U.K. House Prices Rise Most Since 2007, Led by London, Land Registry Says

U.K. house prices had their biggest annual increase in more than 2 1/2 years in April, led by gains in London, the Land Registry said.

Home values in England and Wales rose 8.5 percent from a year earlier, the most since September 2007, the Land Registry said today on its website. Prices increased 0.2 percent from the previous month to an average of 165,596 pounds ($239,600).

Recent price gains in the housing market have been in part driven by a shortage of supply. Hometrack Ltd. said yesterday that prices rose 0.2 percent in May from April and highlighted a “scarcity of housing for sale.” The pace of price gains may be restrained as unemployment at a 16-year high and limited access to credit deter buyers.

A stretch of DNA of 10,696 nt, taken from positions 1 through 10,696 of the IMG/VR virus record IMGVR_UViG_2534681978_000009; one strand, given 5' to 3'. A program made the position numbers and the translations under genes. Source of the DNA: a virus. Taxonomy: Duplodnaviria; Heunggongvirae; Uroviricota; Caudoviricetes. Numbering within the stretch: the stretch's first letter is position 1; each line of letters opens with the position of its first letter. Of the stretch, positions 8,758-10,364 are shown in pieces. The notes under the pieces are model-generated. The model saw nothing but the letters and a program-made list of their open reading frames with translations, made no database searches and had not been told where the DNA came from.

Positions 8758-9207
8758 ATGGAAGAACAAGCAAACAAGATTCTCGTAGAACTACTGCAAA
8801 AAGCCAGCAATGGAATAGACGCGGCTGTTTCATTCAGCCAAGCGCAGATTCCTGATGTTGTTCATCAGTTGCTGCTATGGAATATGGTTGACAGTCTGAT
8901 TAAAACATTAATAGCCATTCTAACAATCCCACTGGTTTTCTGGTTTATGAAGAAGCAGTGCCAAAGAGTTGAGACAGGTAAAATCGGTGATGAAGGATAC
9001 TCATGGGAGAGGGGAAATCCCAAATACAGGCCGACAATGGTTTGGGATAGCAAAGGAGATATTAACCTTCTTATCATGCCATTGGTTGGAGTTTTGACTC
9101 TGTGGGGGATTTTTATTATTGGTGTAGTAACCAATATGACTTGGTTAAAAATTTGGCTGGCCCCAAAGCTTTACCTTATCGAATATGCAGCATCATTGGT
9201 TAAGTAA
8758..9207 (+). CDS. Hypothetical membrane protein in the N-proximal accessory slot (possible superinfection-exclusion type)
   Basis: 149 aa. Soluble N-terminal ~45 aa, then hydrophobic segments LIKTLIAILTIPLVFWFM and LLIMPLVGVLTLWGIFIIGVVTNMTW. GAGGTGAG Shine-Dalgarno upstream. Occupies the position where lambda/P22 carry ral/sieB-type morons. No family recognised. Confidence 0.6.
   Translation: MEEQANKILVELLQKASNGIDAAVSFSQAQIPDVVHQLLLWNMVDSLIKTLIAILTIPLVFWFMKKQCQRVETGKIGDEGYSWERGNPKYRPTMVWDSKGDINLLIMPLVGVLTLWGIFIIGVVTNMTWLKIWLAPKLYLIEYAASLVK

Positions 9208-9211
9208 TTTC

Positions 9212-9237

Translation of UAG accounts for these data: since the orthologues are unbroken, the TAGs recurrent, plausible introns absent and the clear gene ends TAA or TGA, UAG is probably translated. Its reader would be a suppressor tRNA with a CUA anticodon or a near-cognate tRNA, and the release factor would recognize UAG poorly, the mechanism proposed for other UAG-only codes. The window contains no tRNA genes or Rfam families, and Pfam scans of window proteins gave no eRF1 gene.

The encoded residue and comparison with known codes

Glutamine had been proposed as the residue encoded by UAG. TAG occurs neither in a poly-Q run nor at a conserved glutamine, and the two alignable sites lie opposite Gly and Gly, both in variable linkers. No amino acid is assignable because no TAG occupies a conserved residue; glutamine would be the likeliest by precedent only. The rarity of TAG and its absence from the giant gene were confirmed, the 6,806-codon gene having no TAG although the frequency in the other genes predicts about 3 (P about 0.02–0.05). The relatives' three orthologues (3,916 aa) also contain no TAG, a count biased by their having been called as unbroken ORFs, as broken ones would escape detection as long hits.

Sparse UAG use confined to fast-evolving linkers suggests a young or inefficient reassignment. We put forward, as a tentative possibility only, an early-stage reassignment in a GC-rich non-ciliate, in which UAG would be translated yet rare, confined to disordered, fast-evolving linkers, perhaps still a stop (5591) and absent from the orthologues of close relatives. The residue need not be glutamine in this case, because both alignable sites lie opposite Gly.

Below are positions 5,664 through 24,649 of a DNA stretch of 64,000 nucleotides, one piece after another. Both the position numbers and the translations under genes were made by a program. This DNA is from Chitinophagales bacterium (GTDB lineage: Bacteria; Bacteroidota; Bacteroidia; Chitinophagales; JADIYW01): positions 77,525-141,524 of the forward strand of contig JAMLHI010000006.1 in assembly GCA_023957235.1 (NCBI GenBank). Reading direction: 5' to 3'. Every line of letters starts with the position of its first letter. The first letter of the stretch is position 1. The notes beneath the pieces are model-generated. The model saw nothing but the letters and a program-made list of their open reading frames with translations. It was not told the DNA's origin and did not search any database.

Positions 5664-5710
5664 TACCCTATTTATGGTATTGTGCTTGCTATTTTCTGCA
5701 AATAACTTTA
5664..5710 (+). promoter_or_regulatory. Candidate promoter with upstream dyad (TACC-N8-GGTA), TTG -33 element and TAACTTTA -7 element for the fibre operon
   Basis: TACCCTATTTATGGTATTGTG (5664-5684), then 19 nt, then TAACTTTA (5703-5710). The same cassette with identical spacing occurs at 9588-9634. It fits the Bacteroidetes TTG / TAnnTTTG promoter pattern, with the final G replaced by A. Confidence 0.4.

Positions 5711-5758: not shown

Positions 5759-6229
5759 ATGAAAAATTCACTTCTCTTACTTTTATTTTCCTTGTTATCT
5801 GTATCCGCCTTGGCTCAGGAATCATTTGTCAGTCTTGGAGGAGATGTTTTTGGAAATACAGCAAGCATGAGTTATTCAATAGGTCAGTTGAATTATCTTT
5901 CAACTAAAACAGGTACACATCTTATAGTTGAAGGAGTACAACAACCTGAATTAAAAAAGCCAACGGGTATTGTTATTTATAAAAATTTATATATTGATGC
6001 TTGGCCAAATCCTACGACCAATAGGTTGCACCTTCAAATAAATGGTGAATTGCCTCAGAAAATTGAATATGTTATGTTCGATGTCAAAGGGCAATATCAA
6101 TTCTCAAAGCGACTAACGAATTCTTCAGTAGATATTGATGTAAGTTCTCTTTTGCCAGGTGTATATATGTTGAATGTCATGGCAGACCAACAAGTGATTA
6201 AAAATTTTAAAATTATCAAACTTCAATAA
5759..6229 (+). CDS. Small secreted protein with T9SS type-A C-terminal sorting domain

“The economic fundamentals are still far from robust for the housing market,” Howard Archer, an economist at IHS Global Insight in London, said in a research note today. “House prices are likely to be erratic over the coming months and at best will make very modest gains over the rest of the year.”

Prices in the capital climbed 14.8 percent from a year earlier, and all 10 regions tracked by the Land Registry showed annual increases. Values in the Northeast England had the biggest monthly gain, rising 3.1 percent from March.

To contact the reporter on this story: Jennifer Ryan in London at jryan13@bloomberg.net

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